- Article 15: Prohibition of discrimination on grounds of religion,race, caste, sex or place of birth only.
- Article 16: Equality of opportunity in matters of public employment.
- Article 46: Promotion of educational and economic interests of scheduled castes, Scheduled tribes and other weaker sections.
- Article 335: Claims of Scheduled Castes and Scheduled Tribes to services and posts.
- Article 338-A: the National Commission for Scheduled Tribes has been set-up.
- 5th and 6th Schedule: Administration and control of Scheduled and Tribal Areas.
- Protection of Civil Rights Act, 1955 against Untouchability.
- Scheduled Castes and the Scheduled Tribes (Prevention ofAtrocities) Act, 1989: to prevent the commission of offenses of atrocities against the members of the Scheduled Castes and the Scheduled Tribes.
- Provisions of the Panchayats (Extension to the Scheduled Areas) Act, 1996: to provide for the extension of the provisions of Part IX of the Constitution relating to the Panchayats to the Scheduled Areas.
- Scheduled Tribes and Other Traditional Forest Dwellers(Recognition of Forest Rights) Act, 2006: to recognize and vest the forest rights and occupation in forest land in forest dwelling scheduled tribes and other traditional forest dwellers.
Committees Related to Tribal Communities:
- Xaxa Committee (2013)
- Bhuria Commission (2002-2004)
- Lokur Committee (1965)
3. Wetlands in India
India has added 10 more Ramsar sites, or wetlands that are of international importance, taking the number of such sites to 64. India is aiming at getting a Ramsar tag for 75 of its wetlands on the 75th year of Independence.
Definition of Wetland
Under Wetlands (Conservation and Management) Rules 2017,the definition of wetland is an area of marsh, fen, peat land or water; whether natural or artificial, permanent or temporary,with water that is static or flowing, fresh, brackish or salt, including areas of marine water the depth of which at low tide does not exceed six meters, are considered as wetlands.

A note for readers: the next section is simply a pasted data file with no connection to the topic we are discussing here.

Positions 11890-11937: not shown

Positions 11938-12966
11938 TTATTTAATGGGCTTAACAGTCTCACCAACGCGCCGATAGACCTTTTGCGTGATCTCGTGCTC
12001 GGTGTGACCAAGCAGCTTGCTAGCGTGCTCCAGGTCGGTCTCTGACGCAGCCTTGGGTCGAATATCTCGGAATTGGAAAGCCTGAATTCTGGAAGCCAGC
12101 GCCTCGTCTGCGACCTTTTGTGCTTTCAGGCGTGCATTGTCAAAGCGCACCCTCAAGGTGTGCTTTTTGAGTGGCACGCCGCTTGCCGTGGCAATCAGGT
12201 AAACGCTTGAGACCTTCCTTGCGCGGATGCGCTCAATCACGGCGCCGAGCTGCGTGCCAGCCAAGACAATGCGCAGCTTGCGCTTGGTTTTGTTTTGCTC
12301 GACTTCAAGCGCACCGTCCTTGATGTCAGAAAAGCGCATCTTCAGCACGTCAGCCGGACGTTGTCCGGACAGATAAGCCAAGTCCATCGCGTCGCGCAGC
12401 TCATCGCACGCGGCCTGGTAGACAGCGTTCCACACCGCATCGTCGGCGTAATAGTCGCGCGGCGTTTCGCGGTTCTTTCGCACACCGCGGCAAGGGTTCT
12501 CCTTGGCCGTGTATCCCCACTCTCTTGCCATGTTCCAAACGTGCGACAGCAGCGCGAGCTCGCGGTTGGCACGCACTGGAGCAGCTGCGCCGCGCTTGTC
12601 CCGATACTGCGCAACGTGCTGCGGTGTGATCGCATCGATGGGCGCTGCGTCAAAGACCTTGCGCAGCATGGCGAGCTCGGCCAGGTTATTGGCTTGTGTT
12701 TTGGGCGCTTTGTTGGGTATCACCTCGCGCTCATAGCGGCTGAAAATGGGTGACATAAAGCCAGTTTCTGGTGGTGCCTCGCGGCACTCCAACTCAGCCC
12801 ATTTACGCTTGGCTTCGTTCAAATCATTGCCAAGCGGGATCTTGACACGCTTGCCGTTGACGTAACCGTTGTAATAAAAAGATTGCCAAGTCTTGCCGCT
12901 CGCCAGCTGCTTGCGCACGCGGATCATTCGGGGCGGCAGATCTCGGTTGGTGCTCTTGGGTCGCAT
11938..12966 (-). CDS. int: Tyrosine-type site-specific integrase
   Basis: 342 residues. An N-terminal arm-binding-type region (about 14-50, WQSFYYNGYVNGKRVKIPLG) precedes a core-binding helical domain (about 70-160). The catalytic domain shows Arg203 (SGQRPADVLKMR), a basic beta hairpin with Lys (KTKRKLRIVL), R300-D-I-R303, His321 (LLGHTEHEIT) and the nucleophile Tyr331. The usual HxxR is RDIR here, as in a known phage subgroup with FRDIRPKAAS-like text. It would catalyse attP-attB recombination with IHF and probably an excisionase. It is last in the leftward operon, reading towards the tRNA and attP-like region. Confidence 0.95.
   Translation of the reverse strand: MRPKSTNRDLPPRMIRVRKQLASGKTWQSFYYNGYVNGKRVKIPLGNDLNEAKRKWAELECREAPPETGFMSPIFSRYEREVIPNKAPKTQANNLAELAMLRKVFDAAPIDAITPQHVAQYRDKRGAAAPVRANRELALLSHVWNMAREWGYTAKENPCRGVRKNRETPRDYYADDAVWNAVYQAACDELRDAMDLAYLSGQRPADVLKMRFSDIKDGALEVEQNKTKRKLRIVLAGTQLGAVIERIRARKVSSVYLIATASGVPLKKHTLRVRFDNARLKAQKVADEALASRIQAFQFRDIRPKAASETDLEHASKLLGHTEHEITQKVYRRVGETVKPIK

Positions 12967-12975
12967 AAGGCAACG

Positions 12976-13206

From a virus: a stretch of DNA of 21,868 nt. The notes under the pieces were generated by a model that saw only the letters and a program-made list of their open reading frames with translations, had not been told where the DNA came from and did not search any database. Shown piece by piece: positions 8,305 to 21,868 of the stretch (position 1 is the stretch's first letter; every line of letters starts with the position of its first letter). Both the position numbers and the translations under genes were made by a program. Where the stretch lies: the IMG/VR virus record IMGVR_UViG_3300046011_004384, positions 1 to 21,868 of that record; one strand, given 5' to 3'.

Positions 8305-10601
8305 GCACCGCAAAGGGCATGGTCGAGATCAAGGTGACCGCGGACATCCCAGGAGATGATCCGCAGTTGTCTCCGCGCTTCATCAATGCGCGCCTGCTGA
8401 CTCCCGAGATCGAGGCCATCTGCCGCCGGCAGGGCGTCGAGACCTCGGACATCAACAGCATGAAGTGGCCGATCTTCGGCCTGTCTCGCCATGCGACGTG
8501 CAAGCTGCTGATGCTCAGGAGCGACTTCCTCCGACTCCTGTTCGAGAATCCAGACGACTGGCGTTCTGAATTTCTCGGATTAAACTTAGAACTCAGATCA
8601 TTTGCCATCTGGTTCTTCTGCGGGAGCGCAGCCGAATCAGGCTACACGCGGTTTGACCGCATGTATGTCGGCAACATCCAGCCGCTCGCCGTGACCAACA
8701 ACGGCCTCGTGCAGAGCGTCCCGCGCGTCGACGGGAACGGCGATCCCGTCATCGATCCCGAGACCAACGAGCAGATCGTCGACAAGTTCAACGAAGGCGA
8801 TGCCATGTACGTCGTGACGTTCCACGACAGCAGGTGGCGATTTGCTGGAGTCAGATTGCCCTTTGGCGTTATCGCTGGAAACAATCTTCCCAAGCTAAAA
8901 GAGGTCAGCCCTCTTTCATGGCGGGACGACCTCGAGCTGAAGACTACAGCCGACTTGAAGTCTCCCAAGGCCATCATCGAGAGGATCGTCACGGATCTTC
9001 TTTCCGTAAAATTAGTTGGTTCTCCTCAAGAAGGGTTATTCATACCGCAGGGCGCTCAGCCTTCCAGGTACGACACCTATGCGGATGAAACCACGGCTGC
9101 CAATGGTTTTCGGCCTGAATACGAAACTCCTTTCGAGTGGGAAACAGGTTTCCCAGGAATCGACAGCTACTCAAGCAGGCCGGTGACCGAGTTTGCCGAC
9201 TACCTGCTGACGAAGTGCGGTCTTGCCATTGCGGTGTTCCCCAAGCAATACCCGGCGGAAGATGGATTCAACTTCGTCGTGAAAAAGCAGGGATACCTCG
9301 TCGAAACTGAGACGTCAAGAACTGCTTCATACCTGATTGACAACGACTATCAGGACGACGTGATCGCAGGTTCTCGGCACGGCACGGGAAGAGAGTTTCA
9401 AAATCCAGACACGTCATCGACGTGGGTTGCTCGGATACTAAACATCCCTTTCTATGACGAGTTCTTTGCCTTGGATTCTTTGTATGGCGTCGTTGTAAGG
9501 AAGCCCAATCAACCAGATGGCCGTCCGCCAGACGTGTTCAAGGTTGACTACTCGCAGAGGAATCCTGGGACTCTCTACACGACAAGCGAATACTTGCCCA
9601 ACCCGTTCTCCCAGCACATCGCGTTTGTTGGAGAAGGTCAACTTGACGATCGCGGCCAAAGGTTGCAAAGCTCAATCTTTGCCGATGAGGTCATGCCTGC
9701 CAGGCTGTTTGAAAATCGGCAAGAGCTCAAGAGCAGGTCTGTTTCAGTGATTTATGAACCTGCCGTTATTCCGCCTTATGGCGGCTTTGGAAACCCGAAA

Policies on Wetland
Wetlands (Conservation and Management) Rules, 2017
- Notified by the Ministry of Environment, Forest and Climate Change (MoEF&CC) under the provisions of the Environment(Protection) Act, 1986
- Regulatory framework for conservation and management of wetlands across the country to conserve, manage and maintain the ecological character of the wetlands without restricting its wise use.
National Plan for Conservation of Aquatic Eco-systems (NPCA):
- Centrally sponsored scheme
- Implemented by Ministry of Environment, Forest & Climate Change (MoEF&CC)
- Aim: Conservation and management of identified wetlands (includes lakes) in the country on cost sharing basis between Central Government and respective State Governments.
- The scheme covers various activities such as interception,diversion and treatment of wastewater, shoreline protection,lakefront development, in-situ cleaning i.e., desilting & de-weeding, stormwater management, bioremediation,catchment area treatment, lake beautification, survey & demarcation, bio-fencing, fisheries development, weed control, biodiversity conservation, education and awareness creation, community participation, etc.
Centre for Wetlands Conservation and Management (CWCM)
- It is part of the National Centre for Sustainable Coastal Management(NCSCM), Chennai, an institution under the MoEF&CC .
- Established to serve as a knowledge hub and to enable exchange of knowledge between wetland users, managers, researchers, policy-makers and practitioners and to assist the national and State/ UT Governments in the design and implementation of policy and regulatory frameworks,management planning, monitoring and targeted research specifically related to wetlands.
- As a result of above said measures, 64 wetlands/water bodies have been designated as Wetlands of International Importance,Ramsar sites, across the country under Ramsar Convention since 1981, covering a total area of around 1.25 million Ha.
Ramsar Convention on Wetlands
- The Ramsar Convention on Wetlands is an international treaty for “the conservation and sustainable use of wetlands”. It is also known as the Convention on Wetlands.
- It is named after the city of Ramsar in Iran where it was signed on 2nd of February 1971.
- The 2nd of February each year is World Wetlands Day.
- At the Centre of the Ramsar philosophy is the “wise use” of wetlands.
- Wise use: maintenance of ecological character within the context of sustainable development.
How can a site qualify to be a RAMSAR site?
- If supporting vulnerable, endangered, or critically endangered species or threatened ecological communities
- If it regularly supports 20,000 or more waterbirds
- If it is an important source of food for fishes, spawning ground, nursery and/or migration path on which fish stocks are dependent upon.